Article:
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Social Trust and Economic Development

The Case of South Korea

O. Yul Kwon

In just one generation, South Korea has transformed from a recipient of foreign aid to a member of the G20. In this informative book, South Korea is used as a case by which to explore and illustrate specific issues arising from the complex relationships between the nation’s economic development and society.
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Chapter 6: Interpersonal trust and its socioeconomic effects in Korea

O. Yul Kwon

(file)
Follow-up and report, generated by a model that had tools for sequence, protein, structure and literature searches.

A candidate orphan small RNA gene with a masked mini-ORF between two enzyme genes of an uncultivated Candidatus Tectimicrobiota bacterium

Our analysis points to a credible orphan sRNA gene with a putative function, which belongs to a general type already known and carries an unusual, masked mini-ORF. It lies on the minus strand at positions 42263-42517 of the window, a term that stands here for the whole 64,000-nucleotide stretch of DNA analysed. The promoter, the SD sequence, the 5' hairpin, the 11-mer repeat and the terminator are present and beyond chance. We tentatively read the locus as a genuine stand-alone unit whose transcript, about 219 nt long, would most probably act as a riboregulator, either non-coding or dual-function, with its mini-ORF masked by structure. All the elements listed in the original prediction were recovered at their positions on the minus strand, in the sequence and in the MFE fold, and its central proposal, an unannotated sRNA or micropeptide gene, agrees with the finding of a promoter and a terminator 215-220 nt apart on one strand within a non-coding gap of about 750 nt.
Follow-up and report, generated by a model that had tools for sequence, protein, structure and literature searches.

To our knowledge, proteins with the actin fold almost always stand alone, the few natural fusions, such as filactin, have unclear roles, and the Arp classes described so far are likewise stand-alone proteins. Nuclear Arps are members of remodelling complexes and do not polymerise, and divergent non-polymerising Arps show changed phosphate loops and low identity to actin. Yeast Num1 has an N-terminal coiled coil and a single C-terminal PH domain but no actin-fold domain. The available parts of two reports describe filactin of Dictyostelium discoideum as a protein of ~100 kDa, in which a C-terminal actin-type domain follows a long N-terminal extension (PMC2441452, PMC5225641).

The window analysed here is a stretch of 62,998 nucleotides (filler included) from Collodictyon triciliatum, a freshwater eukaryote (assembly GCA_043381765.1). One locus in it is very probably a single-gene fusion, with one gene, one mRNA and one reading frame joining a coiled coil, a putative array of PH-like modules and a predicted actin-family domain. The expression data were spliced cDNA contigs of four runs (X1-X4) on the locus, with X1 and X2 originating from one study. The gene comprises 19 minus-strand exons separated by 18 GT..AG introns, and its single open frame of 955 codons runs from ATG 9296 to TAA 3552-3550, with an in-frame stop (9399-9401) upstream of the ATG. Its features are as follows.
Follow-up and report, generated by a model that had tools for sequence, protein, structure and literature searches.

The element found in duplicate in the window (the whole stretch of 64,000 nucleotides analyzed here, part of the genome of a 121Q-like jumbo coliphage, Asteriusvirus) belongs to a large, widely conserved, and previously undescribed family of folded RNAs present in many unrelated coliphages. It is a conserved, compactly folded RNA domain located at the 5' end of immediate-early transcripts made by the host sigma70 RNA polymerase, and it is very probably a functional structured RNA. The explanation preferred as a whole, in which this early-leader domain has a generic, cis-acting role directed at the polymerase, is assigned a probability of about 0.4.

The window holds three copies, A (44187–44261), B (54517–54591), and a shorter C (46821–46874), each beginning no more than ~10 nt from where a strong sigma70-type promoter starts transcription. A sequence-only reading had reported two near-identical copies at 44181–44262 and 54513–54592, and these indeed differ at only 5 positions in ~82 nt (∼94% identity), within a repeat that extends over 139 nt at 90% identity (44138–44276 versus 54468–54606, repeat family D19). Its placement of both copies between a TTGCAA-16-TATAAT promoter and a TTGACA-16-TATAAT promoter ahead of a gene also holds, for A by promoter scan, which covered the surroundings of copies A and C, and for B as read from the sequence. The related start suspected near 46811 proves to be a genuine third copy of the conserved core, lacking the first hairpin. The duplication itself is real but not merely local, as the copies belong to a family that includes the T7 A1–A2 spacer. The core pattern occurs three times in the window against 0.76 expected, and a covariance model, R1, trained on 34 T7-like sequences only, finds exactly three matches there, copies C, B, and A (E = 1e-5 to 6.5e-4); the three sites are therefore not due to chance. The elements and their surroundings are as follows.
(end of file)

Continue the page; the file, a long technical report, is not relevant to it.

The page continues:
Chapter 6 investigates the causes, effects, and remedial measures of low interpersonal trust in Korea. Interpersonal trust in Korea has declined since the early 1980s, as indicated not only by the World Values Survey, but also by numerous domestic social indicators such as litigations, forgery, and counterfeiting. Low interpersonal trust adversely affects the economy and society through numerous interrelated channels. By raising transaction costs, it can be a drag on economic development. It also affects people’s observances of the rule of law, social conflict, and well-being. Numerous causes of low interpersonal trust are identified, including low morality and civility arising from fierce competition in schools, the hierarchical collectivism society, ideological conflicts, income inequality, inadequate law abidance, and high corruption. One core cause underlying all other causes of low interpersonal trust is the fiercely competitive educational culture in Korea. Hence, a fundamental solution should be sought by undertaking a long-run national campaign for character education in schools and society.

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